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Full-Text Articles in Law

Temporary Restraining Orders To Enforce Intellectual Property Rights At Trade Shows: An Empirical Study, Marketa Trimble Jan 2018

Temporary Restraining Orders To Enforce Intellectual Property Rights At Trade Shows: An Empirical Study, Marketa Trimble

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Infringements of intellectual property (IP) rights by exhibitors at trade shows (also called trade fairs or exhibitions), such as infringements committed through exhibitions of or offers to sell infringing products, can be extremely damaging to IP right owners because of the wide exposure that trade shows provide for infringing IP; the promotion of the infringing IP and the contacts made by infringers at trade shows can facilitate further infringements after a trade show that can be very difficult for IP right owners to prevent. IP right owners therefore seek to obtain emergency injunctive relief to stop trade show infringements immediately ...


Chevron's Liberty Exception, Michael Kagan Jan 2018

Chevron's Liberty Exception, Michael Kagan

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This Article argues that the Supreme Court’s practice in immigration cases reflects an unstated but compelling limitation on Chevron deference. Judicial deference to the executive branch is inappropriate when courts review the legality of a government intrusion on physical liberty. This norm is illustrated by the fact that the Court has not meaningfully applied Chevron deference in cases concerning deportation, and also has seemed reluctant to do so in cases concerning immigration detention. It is a logical extension of the established rule that Chevron deference does not apply to questions of criminal law. By contrast, the Court applies Chevron ...


Realizing Restorative Justice: Legal Rules And Standards For School Discipline Reform, Lydia Nussbaum Jan 2018

Realizing Restorative Justice: Legal Rules And Standards For School Discipline Reform, Lydia Nussbaum

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Zero-tolerance school disciplinary policies stunt the future of school children across the United States. These policies, enshrined in state law, prescribe automatic and mandatory suspension, expulsion, and arrest for infractions ranging from minor to serious. Researchers find that zero-tolerance policies disproportionately affect low-income, minority children and correlate with poor academic achievement, high drop-out rates, disaffection and alienation, and greater contact with the criminal justice system, a phenomenon christened the "School-to-Prison Pipeline."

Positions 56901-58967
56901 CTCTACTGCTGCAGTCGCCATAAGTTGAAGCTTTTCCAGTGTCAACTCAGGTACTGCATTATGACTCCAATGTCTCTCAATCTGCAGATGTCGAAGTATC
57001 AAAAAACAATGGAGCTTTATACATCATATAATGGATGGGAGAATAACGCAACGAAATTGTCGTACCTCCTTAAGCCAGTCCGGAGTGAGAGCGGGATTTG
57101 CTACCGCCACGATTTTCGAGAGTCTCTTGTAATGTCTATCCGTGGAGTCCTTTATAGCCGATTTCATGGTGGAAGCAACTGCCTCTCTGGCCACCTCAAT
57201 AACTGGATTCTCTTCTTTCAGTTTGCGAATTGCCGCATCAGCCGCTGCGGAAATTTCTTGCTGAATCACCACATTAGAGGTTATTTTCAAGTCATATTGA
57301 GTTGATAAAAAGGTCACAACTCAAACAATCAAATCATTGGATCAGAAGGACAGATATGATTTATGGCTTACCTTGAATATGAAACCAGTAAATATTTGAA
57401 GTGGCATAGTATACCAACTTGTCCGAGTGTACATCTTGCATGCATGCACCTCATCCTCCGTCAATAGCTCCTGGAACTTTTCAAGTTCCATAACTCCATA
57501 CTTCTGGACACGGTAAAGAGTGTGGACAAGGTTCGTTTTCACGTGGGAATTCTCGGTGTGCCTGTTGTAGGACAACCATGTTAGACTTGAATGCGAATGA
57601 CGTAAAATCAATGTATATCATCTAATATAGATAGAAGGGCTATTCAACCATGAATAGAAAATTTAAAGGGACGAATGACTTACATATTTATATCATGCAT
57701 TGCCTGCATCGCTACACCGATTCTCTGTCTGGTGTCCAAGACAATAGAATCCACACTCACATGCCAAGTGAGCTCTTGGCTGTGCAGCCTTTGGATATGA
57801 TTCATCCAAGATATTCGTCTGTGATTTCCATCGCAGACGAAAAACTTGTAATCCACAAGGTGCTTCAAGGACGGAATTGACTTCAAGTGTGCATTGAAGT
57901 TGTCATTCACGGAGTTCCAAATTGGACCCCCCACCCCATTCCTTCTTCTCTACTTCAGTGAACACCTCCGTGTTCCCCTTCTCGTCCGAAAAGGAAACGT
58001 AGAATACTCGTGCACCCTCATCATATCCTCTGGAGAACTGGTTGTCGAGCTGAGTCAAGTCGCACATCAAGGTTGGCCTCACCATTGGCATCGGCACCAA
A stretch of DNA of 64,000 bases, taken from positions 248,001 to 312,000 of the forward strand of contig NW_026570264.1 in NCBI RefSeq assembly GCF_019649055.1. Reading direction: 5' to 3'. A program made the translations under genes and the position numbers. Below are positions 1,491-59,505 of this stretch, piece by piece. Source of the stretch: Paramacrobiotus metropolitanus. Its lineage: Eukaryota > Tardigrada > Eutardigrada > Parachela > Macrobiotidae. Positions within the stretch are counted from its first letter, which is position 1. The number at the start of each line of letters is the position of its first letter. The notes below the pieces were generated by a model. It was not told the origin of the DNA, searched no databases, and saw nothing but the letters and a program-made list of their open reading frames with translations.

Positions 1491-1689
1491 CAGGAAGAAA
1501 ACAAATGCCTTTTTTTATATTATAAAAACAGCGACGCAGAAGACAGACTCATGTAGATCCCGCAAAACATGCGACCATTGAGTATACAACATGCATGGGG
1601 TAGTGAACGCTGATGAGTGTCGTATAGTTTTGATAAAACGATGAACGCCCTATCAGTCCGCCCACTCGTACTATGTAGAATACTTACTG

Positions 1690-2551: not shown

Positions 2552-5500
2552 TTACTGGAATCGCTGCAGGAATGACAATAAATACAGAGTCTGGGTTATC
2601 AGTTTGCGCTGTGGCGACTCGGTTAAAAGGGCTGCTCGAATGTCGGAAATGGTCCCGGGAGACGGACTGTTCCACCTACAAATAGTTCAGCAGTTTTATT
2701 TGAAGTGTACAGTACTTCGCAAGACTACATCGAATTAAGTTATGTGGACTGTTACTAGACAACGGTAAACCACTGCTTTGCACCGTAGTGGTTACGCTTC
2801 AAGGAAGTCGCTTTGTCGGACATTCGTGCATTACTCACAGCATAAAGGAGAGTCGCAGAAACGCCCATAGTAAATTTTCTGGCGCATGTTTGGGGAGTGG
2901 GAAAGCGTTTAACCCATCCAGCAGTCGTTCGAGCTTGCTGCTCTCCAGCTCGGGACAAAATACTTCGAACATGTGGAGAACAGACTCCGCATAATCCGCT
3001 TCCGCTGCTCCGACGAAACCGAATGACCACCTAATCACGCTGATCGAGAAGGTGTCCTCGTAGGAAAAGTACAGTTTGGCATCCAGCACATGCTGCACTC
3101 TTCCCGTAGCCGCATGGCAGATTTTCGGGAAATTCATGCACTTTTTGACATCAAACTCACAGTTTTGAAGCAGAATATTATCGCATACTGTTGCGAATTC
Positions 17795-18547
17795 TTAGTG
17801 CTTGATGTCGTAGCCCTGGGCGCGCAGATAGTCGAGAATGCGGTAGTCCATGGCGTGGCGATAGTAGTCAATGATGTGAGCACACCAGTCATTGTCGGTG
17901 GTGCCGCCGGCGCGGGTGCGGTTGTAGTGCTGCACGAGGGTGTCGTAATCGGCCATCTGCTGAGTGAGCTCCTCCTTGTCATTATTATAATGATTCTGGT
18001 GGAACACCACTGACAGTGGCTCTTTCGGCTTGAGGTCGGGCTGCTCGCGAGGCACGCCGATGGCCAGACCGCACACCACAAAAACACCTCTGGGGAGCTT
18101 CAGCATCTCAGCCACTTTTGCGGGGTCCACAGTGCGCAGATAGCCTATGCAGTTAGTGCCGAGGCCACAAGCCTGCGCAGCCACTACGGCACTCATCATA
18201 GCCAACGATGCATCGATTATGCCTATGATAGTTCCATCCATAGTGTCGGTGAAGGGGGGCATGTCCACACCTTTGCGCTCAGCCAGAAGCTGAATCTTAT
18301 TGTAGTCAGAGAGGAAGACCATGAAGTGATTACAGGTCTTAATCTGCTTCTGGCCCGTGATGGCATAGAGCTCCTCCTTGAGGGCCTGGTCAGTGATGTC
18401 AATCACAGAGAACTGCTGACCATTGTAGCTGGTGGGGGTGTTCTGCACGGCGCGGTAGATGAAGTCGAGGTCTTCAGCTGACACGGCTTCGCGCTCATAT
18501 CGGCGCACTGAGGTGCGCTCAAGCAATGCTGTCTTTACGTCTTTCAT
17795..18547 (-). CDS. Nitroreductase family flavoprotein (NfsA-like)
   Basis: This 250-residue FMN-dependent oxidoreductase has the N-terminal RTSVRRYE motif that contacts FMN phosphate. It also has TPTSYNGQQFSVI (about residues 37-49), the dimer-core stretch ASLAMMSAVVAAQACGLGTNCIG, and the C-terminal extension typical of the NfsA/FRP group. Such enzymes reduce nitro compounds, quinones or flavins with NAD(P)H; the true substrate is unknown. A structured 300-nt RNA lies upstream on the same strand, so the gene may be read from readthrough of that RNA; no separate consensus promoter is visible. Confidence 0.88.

A promising replacement for this punitive disciplinary regime derives from restorative justice theory and, using a variety of different legal interventions, reform advocates and lawmakers have tried to institute ...


The Public Defender's Pin: Untangling Free Speech Regulation In The Courtroom, Michael Kagan Jan 2018

The Public Defender's Pin: Untangling Free Speech Regulation In The Courtroom, Michael Kagan

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Recent disputes in Ohio and Nevada about whether lawyers should be allowed to wear “Black Lives Matter” pins in open court expose a fault line in First Amendment law. Lower courts have generally been unsympathetic to lawyers who display political symbols in court. But it would go too far suggest that free speech has no relevance in courtrooms. This Essay argues for a way to strike a balance.


Invisible Adjudication In The U.S. Courts Of Appeals, Michael Kagan, Rebecca Gill, Fatma Marouf Jan 2018

Invisible Adjudication In The U.S. Courts Of Appeals, Michael Kagan, Rebecca Gill, Fatma Marouf

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Non-precedent decisions are the norm in federal appellate courts, and are seen by judges as a practical necessity given the size of their dockets. Yet the system has always been plagued by doubts. If only some decisions are designated to be precedents, questions arise about whether courts might be acting arbitrarily in other cases. Such doubts have been overcome in part because nominally unpublished decisions are available through standard legal research databases. This creates the appearance of transparency, mitigating concerns that courts may be acting arbitrarily. But what if this appearance is an illusion? This Article reports empirical data drawn ...


Free Speech And Generally Applicable Laws: A New Doctrinal Synthesis, Dan T. Coenen Jan 2018

Free Speech And Generally Applicable Laws: A New Doctrinal Synthesis, Dan T. Coenen

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A longstanding mystery of constitutional law concerns how the Free Speech Clause interacts with “generally applicable” legal restrictions. This Article develops a new conceptual framework for working through this puzzle. It does so by extracting from prior Supreme Court rulings an approach that divides these restrictions into three separate categories, each of which (at least presumptively) brings into play a different level of judicial scrutiny. An example of the first and most closely scrutinized category of generally applicable laws—that is, laws that place a “direct in effect” burden on speech—is provided by breach-of-the-peace statutes. These laws are generally ...


Title Vii And The #Metoo Movement, Rebecca White Jan 2018

Title Vii And The #Metoo Movement, Rebecca White

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The #MeToo movement has drawn unprecedented attention to sexual harassment in the workplace. But there is a disconnect between sexual harassment as popularly understood and sexual harassment as prohibited by Title VII. This Essay identifies those areas where the law and the public understanding of it most starkly diverge. These include the requirements of severity or pervasiveness, the issue of unwelcomeness, the availability of an affirmative defense for hostile work environment claims, and the time limits within which claims must be brought. Additionally, those making claims of sexual harassment fare poorly when they suffer retaliation for stepping forward. Internal complaints ...